WCU's School of Art and Design is housed primarily in the John W. Bardo Fine and Performing Arts Center, which opened to academic use in January 2005. Built specifically to meet the needs of student artists and performers, the Bardo Arts Center includes a 1,000-set theater, a Fine Art Museum with three gallery rooms, and well equipped studio spaces and classrooms for a variety of mediums. The Fine Art Museum regularly brings in touring exhibitions and showcases the work of student and faculty artists.
The Bardo Arts Center's academic wing is home to both undergraduate and graduate arts programs with the exception of Interior Design, which is housed in WCU's Belk Building adjacent to the College of Engineering and Technology.
1032 total sq. feet
This room features a small etching press, paper cutters, drying rack, hand tools and a glass fusion and computerized kiln housed in a separate, ventilated room.
2,016 total sq. feet
Room 130 is a 150-seat facility, which is equipped to utilize different media sources. This is a primary space used to present routine classes in both art appreciation and art history. The space is also used for presentation by visiting artists and other special public events. A smaller auditorium (Room 223) seats 48 individuals and is used for general art history classes and intimate visiting artist’s presentations.
3,316 total inside sq. feet, 768 outdoor covered sq. feet.
The ceramics major features two main rooms with four smaller specialty rooms and a covered outdoor kiln area. One of the main rooms accommodates beginning students; the other accommodates advanced students. The ceramics studios are equipped with potter's wheels, a slab roller, flexible shelving, and six heavy-duty work tables.
The classroom dedicated to upper-level ceramics students offers dedicated wheels and workspaces for each student and two wall-mounted extruders. Rooms for materials storage and clay mixing, glaze mixing and glazing, and electric kiln firing are directly accessible from each of the two studios. Large folding doors in Room 144 open onto the exterior kiln space, which houses three propane stoneware kilns and a storage unit for the portable raku kiln.
Equipment includes: 3 Skutt 1027 electric kilns; 1 Skutt 1027 Kilnmaster kiln; 1L & L test kiln; 1 54 cu. ft. Geil downdraft car kiln; 1 18 cu. ft. Geil downdraft propane kiln; 1 16 cu. ft. Alpine updraft propane kiln; 1 portable fiber drum raku kiln; 15 Brent electric wheels; 2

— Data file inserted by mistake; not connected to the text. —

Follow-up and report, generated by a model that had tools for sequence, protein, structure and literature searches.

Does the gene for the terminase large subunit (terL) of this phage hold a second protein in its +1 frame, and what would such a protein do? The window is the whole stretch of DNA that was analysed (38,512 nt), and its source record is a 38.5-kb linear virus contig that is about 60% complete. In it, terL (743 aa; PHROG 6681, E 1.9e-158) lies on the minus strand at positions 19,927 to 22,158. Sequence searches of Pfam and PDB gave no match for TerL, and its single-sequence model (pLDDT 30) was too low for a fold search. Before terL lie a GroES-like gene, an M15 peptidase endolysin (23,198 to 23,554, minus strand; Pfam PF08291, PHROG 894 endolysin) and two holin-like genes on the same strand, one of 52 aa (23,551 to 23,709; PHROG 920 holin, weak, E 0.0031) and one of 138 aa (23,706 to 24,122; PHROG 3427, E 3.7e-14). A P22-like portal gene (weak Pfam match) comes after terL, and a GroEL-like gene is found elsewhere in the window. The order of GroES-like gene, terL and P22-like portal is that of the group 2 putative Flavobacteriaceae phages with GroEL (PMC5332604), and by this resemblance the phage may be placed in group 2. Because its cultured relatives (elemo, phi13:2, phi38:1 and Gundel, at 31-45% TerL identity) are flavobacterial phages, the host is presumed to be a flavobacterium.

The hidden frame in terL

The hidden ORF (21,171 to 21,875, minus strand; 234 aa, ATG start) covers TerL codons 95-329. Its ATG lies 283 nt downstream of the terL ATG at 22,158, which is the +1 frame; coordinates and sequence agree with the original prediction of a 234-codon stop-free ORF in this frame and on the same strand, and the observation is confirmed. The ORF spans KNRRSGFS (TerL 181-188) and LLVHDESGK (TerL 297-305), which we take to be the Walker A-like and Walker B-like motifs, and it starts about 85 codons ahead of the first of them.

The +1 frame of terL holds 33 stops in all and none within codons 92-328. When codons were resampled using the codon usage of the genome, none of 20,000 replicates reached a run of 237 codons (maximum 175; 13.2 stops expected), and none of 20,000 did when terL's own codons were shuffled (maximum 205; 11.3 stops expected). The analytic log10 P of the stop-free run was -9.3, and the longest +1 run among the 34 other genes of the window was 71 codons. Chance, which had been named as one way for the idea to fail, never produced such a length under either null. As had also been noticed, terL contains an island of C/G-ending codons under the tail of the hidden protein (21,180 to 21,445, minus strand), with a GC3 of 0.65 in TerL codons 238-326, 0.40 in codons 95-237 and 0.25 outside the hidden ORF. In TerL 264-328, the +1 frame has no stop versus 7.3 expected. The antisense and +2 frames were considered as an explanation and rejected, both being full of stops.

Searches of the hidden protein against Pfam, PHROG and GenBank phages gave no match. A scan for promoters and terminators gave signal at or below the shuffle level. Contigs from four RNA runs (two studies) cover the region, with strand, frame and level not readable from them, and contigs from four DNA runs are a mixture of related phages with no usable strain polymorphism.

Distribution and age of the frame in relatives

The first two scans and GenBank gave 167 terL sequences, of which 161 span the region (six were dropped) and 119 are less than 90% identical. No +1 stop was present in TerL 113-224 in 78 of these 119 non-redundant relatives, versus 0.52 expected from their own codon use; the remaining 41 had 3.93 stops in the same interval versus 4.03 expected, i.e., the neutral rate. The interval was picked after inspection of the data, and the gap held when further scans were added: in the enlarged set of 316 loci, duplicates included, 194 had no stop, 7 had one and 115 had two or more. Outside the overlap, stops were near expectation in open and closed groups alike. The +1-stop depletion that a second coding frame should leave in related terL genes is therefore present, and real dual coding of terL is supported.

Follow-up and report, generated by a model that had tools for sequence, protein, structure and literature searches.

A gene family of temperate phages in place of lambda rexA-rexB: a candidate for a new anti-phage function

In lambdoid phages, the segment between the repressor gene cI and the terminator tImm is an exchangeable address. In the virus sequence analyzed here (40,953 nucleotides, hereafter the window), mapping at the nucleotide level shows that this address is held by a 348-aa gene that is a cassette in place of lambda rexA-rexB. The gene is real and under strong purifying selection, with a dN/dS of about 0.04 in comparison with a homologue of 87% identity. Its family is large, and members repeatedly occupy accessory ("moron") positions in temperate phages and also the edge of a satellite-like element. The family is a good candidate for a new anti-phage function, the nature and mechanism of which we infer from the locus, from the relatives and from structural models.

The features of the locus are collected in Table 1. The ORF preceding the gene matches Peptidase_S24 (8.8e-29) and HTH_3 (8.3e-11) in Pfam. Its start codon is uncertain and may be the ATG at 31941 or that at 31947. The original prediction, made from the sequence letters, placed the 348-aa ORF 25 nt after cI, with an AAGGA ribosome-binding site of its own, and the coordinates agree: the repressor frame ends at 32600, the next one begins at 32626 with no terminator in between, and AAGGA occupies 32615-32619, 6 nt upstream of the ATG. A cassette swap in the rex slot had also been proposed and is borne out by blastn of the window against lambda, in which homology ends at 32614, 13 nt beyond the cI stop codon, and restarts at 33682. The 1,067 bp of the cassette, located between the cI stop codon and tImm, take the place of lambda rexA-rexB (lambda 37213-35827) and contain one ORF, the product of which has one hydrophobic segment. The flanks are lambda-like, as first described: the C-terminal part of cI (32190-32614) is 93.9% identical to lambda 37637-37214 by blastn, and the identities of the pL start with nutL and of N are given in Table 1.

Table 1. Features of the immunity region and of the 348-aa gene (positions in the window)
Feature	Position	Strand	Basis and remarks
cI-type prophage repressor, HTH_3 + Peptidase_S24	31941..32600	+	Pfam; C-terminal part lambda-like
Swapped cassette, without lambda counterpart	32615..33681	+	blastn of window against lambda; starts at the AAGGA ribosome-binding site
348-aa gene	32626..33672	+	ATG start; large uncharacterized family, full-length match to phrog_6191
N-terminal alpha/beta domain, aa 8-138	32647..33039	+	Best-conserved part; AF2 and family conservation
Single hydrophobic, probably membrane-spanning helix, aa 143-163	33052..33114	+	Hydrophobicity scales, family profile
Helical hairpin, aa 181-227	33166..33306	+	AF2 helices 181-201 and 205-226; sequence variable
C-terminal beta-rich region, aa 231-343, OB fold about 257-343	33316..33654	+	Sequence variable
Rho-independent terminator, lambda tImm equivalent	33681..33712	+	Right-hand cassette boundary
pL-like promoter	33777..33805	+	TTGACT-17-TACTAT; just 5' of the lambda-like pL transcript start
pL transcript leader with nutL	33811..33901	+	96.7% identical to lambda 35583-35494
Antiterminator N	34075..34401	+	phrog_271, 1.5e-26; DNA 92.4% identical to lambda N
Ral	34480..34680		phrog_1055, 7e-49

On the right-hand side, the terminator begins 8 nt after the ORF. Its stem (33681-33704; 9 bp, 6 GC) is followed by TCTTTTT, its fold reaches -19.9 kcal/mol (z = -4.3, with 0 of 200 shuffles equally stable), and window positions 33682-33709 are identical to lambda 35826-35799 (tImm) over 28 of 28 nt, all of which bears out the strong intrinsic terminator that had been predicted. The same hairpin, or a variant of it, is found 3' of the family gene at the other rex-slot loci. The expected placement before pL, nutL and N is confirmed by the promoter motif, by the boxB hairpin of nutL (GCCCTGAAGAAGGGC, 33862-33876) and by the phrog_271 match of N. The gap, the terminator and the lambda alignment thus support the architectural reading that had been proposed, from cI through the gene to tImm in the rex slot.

Shimpo electric wheels; 1 Randall kickwheel; 1 Reitz kickwheel; 5 Leach-style kickwheels; 1 Soldner Professional clay mixer; 1 Walker Jamar pugmill; 1 Bluebird pugmill; 1 Brent slab roller; 2 North Star extruders;1 glaze spraybooth.
The graphic design studio consists of 25 Macintosh computers, one scanner, a color
printer, and a black and white printer, computer projection system and wall pin-up
spaces for the presentation of printed works.
624 total sq. feet
This room is specifically designed to allow faculty to conduct critiques outside the working studio. Special track lighting provides the basic lighting. Wall treatments allow for the temporary installation of artworks.
2,232 total sq. feet
The general drawing studio is dedicated to beginning drawing with appropriate still
life materials. The life drawing studio is equipped with risers and model furniture.
Window treatments allow for restricting views into the studio and control of the ambient
6720 total sq. feet
A major design concept with the new arts facility is to provide faculty with both
an office and a working studio. The essential offices are typically located near the
hall entrance to the studio area. The studio areas have large windows and artificial
lighting to suit the needs of the artist faculty. Each studio area contains a sink
and basic storage. These spaces are also often used as M.F.A. studios if needed.
480 total sq. feet
This room is dedicated to presenting both the two- and three-dimensional design classes.
1,728 total sq. feet
Each graduate student is assigned a working studio of approximately 300 sq. ft. These studio spaces contain large windows and artificial lighting as needed. Each studio contains at least one sink. Often, advanced M.F.A. students are assigned larger private studios. These studio spaces exist throughout the building.
2,336 total sq. feet.
The painting studios are specifically designed for environmental conditions. The ventilation and space allow students to work on a range of sizes of works. A small construction area is designed into the space allowing for construction of stretchers, and this space also contains a sink. A specific storage area is designed into the beginning painting studio which allows for storage of unfinished works. It is possible for upper-level drawing classes to take place in this studio.
3,476 total sq. feet
The photography studios are designed for the traditional development and printing of color and black-and-white images. The high-powered computer labs currently exist in the Fine Arts building, and these labs are utilized by the photography students when dealing with digital images. As the future dictates a development in the photo imaging technology, the traditional labs will also evolve. For the immediate future, the labs are utilized in a traditional manner.
2,916 total sq. feet
One room is dedicated to book arts with tables, paper cutters, paper-making equipment, and ample storage shelves. The other is dedicated to printmaking with litho press, two etching/relief presses, roll-out slabs, separate etching room, screen washroom, photo development room, and ink storage room.
5,789 total sq. feet
Room 134a: Sculpture (plaster/stone) - 884 sq. ft.
Room 134b: Sculpture (metal/welding) - 1,296 sq. ft.
Room 134c: Sculpture (wood/mixed media) - 3,600 sq. ft.
Outdoor Pit: Casting Pit - 200 sq. ft.
This room contains 22,000 slides in addition to approximately 200 course-related videos and DVDs.